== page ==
The Human Rights Council Advisory Committee (the Committee) will meet for its 8th session from 20 to 24 February 2012. The 18 member Committee, whose role is to act as a think-tank for the Human Rights Council (the Council) and consider issues at its request, will consider various reports and form recommendations for submission to the Council in the week prior to its 19th session. The draft programme of work and annotated provisional agenda are available here on the Advisory Committee Web site.
The report which is of greatest concern and which has drawn criticism from a number of NGOs is the report on ‘promoting human rights and fundamental freedoms through a better understanding of the traditional values of humankind’, set out as ‘dignity, freedom and responsibility’. At its 7th session, following Council resolution 16/3, the Committee established a drafting group to prepare this study, comprising Ms Boisson de Chazournes, Mr Chen, Ms Chung, Mr Karakora, Mr Kartashkin (Rapporteur), Mr Okafor, Ms Reyes Prado, Mr Seetulsingh and Mr Soofi (Chairperson). The drafting group’s final report is to be submitted at the 9th session, for submission to the Council at its 21st session, however the preliminary research on the study will be presented to the Committee in February (see here for official languages other than English).
The preliminary report begins by stating that there is ‘as yet no accepted definition of the term “traditional values of humankind”’. One of the main criticisms of the report is that in trying to formulate a definition, the drafting group has interpreted ‘values’ as being inherently positive, while nevertheless acknowledging that ‘tradition’ can be an obstacle to development and change and thus have a negative impact on human rights. The Russian Federation, who originally proposed the study at the Council sought to remove the negative connotations of tradition. However this denial of the existence of any negative values, such as racism and xenophobia, could add to the problem of states using traditional values as an excuse for human rights violations.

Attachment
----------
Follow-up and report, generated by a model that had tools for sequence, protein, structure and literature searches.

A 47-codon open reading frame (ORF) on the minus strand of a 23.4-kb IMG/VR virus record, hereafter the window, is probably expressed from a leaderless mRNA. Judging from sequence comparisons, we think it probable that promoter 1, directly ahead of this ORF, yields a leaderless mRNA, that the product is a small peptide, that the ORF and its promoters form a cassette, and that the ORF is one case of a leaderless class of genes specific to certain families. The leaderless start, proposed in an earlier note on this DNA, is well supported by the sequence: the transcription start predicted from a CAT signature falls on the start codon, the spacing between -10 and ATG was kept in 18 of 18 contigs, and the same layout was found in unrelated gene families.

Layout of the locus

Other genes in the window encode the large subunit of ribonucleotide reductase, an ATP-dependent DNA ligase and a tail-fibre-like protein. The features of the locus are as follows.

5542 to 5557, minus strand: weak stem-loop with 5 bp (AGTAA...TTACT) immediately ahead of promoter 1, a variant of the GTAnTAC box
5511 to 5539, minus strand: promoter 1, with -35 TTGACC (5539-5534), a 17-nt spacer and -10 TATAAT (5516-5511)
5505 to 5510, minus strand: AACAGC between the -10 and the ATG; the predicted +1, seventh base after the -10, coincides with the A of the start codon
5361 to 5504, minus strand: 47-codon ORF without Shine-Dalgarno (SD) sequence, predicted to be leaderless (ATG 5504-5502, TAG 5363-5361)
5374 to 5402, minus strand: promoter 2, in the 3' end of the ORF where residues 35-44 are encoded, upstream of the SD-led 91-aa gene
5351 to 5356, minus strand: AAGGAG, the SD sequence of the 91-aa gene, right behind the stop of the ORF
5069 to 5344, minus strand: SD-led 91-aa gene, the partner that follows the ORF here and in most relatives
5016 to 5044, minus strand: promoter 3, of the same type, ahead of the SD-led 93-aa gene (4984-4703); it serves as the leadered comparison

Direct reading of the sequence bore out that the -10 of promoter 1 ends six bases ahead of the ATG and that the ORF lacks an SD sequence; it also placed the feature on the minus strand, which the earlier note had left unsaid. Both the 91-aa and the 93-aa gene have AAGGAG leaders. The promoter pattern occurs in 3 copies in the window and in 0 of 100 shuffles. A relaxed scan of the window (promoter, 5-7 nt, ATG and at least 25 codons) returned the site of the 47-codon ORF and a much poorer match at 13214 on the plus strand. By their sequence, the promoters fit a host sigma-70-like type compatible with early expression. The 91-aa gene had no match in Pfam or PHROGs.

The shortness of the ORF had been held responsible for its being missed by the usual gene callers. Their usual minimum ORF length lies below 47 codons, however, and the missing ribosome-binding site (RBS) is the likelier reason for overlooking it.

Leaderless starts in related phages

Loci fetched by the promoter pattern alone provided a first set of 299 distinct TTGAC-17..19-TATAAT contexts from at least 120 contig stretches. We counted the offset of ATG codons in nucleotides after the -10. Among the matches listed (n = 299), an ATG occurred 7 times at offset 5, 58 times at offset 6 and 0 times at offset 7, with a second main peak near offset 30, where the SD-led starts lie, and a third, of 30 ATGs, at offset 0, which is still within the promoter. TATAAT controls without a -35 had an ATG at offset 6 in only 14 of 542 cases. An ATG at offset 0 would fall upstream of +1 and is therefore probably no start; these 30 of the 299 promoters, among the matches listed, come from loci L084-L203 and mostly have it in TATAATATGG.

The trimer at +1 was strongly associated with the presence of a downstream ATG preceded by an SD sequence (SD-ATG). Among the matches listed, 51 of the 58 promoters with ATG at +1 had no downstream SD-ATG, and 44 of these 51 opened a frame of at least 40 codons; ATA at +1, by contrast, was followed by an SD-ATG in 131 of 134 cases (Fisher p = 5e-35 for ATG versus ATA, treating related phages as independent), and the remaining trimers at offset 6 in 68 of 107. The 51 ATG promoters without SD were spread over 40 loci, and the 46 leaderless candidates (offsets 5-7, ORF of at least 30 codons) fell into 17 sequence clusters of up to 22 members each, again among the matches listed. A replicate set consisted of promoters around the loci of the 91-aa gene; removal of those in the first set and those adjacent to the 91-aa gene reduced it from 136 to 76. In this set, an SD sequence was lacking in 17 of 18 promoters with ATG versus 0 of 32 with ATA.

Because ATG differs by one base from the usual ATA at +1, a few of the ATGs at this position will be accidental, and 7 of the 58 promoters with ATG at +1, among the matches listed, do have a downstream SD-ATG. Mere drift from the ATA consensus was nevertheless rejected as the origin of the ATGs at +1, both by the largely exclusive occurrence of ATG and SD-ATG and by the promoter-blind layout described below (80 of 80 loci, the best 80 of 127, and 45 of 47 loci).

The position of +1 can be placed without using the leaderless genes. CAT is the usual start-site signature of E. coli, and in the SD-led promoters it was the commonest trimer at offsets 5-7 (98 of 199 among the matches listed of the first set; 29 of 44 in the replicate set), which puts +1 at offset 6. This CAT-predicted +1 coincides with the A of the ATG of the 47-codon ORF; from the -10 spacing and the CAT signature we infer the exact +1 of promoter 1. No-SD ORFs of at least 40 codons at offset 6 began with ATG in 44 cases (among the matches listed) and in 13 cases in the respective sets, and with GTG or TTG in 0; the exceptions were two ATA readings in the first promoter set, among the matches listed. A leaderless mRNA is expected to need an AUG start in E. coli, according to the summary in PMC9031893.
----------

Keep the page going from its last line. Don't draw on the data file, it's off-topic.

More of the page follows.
Another problem identified is the possible misuse of the concept of ‘dignity’ as a traditional value, particularly in reference to women. Unless the report affirms the language used in the Universal Declaration on Human Rights (UDHR) referring to ‘the inherent dignity and worth of the human person’, there is a risk of the dignity concept being used to justify traditional roles for women, contrary to human rights.
This is also an issue with the concept of ‘responsibility’ as a value, which is not clearly defined. The placing of this ambiguous concept on an equal footing with the inherent dignity and worth of the human person has drawn concern, as the principle of universality of human rights does not allow these to be contingent on an ill-defined notion of responsibility.
The report also includes a section on the importance of families and communities in the promotion of human rights, and the role of the family in forming a person’s values. References to ‘the family’ have been criticised as being based on assumptions about its positive moral influence. The use of the word ‘the’ does not acknowledge different forms of family, which could for example exclude same-sex relationships. Equally, in making these assumptions about family, the report fails to recognise that families are often sites of human rights abuses, including FGM and honour killings.
In light of these serious concerns, it is hoped that the 8th session of the Committee will provide a forum for thorough discussion of these issues, and perhaps be the basis a new and more critical approach to the report on traditional values. NGOs are able to make written and oral statements on substantive issues at the session. The relevant information on the procedures for this can be found here.
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